It’s a perfect day for a yeti hunt, and off the boys go! What does he look like? How will he sound? Does he live in a cave?
As the boys romp in the snow, young readers are invited into a compelling, original story, reminiscent of “Going on a Bear Hunt.” Fun word play and an engaging structure in which author/illustrator Mary Ann Fraser breaks the “fourth wall,” invite readers into the story. Kids will discover the Yeti long before the protagonists do. It’s so much fun!
Today, it’s a pleasure to welcome Mary Ann to ReaderKidZ to talk about her latest book, NO YETI YET.
Dianne: Can you talk about the genesis of this story? Did you know from the beginning that the book would use a sort of Yeti hide-and-seek structure?
Mary Ann: NO YETI YET began as the repurposing of an earlier book that sold but never made it to the printing press. In the original version, a boy who keeps many pets becomes a pet for a bigfoot. I tried to resell the book but with no success. My agent, Abigail Samoun with Red Fox Literary, suggested I write a story based on the bigfoot character. But “yeti” is so much more fun to say, and so I made the switch. Although a yeti is a cryptid, a word derived from the Greek word Krypto meaning “hide,” the idea for the hide-and-seek structure evolved out of the question, “Do you see a yeti?” and the repeated response, “No yeti yet.” So in this case the language led to the visual concept.
Dianne: The title, NO YETI YET, has such a wonderful “ring” to it. And the choice to use short dialogue, alliteration, rhyme, and repeated phrases like “Nope. No yeti yet.” guarantees a wonderful read-aloud. Student writers often don’t realize that careful attention to word choice doesn’t just happen. Can you talk about writing NO YETI YET, and in particular, your revision process? Did you tackle the words first, the pictures first, or go back-and-forth between the two?
Mary Ann: My usual way of working is to first put on my author hat and tackle the words. They have to be jiving or there is no point in moving onto the art. The use of literary devices along with rhythm is intended to make the story engaging and fun to read aloud. The plot and story structure cement it all together. After I’m comfortable with the manuscript, but usually before it’s completely to my satisfaction, I begin developing a storyboard, tweak the words a bit more, and then change into my illustrator hat. Once I have a sketch completed for each page, I’ll spread them all out so I can see the book as a whole. This is often when the real back and forth between words and images takes place. Everything needs to be working in harmony. No lazy words. No pictures that don’t move the book forward or expand upon the text.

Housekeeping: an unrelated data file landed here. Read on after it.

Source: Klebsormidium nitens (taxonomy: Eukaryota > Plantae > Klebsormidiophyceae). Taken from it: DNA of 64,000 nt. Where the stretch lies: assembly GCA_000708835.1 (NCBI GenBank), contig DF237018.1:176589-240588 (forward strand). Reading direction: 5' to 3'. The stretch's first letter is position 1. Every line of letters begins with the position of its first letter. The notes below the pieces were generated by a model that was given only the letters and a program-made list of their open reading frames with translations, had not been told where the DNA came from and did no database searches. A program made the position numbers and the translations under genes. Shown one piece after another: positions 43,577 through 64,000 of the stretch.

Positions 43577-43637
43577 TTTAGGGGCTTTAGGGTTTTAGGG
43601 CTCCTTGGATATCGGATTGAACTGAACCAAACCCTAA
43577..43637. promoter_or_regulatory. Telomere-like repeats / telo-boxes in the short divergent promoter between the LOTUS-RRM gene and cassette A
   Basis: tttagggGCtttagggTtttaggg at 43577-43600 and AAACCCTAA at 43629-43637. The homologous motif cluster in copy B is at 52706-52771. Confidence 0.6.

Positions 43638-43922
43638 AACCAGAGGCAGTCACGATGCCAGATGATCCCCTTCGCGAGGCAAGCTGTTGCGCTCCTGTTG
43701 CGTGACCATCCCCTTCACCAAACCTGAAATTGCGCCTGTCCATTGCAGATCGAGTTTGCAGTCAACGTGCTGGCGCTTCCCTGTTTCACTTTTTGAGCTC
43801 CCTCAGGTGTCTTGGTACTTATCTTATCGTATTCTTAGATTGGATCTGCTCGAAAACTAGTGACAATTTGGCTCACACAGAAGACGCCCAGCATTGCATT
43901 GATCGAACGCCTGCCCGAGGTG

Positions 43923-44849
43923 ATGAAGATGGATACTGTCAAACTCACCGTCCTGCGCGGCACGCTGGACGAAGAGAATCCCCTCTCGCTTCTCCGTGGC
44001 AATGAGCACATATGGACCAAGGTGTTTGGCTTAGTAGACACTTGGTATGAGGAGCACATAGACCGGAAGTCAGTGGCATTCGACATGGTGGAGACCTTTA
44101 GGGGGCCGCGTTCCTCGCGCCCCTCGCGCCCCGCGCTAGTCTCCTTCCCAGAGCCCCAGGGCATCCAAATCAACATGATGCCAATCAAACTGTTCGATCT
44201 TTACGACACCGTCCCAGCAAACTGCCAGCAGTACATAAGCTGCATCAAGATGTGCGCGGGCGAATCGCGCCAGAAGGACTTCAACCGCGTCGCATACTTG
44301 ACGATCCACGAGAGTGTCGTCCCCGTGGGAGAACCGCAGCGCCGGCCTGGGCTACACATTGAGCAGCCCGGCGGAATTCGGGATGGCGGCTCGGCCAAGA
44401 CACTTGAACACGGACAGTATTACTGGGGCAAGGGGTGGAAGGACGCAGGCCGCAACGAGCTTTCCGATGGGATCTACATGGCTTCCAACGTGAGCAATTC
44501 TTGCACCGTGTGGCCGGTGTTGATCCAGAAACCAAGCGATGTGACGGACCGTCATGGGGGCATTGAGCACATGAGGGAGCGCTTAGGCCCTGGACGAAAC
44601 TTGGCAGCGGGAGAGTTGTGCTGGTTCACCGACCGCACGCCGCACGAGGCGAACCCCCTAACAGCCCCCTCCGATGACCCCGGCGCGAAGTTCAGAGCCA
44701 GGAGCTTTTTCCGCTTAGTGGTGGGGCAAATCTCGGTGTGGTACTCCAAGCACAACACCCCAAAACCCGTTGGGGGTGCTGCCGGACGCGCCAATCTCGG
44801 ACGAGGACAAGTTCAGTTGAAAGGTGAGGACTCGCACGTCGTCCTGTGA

Dianne: Your work includes fiction and nonfiction, both books you’ve written and illustrated, as well as books you’ve illustrated for others. Are there differences in your process between illustrating nonfiction vs. fiction and illustrating your own words vs. the words of another author?
Mary Ann: The major difference between illustrating fiction and non-fiction is the depth of research required. I use visual references for both but must be more thorough for the non-fiction plus there is usually the added bonus of back matter. When illustrating my own words, the process is much more fluid. There are the few occasions when I have requested a text change from another author, but only when I felt it would make a drastic improvement in the book as a whole. Always I want to respect the author’s vision while enriching it with my own ideas for the visuals. No matter how a book is born, it should be the result of a happy marriage between the text and images.
Dianne: What can readers look forward to next?
Mary Ann: I currently have several projects in the works, all at different stages. I am particularly excited right now about a picture book on Alexander Graham Bell, in part because I will be creating the art using an entirely new technique, something which can be both scary and exhilarating all at the same time.
Dianne: Sounds exciting, Mary Ann. Thanks for stopping by ReaderKidZ!
To learn more about Mary Ann and ALL her books, visit her website HERE.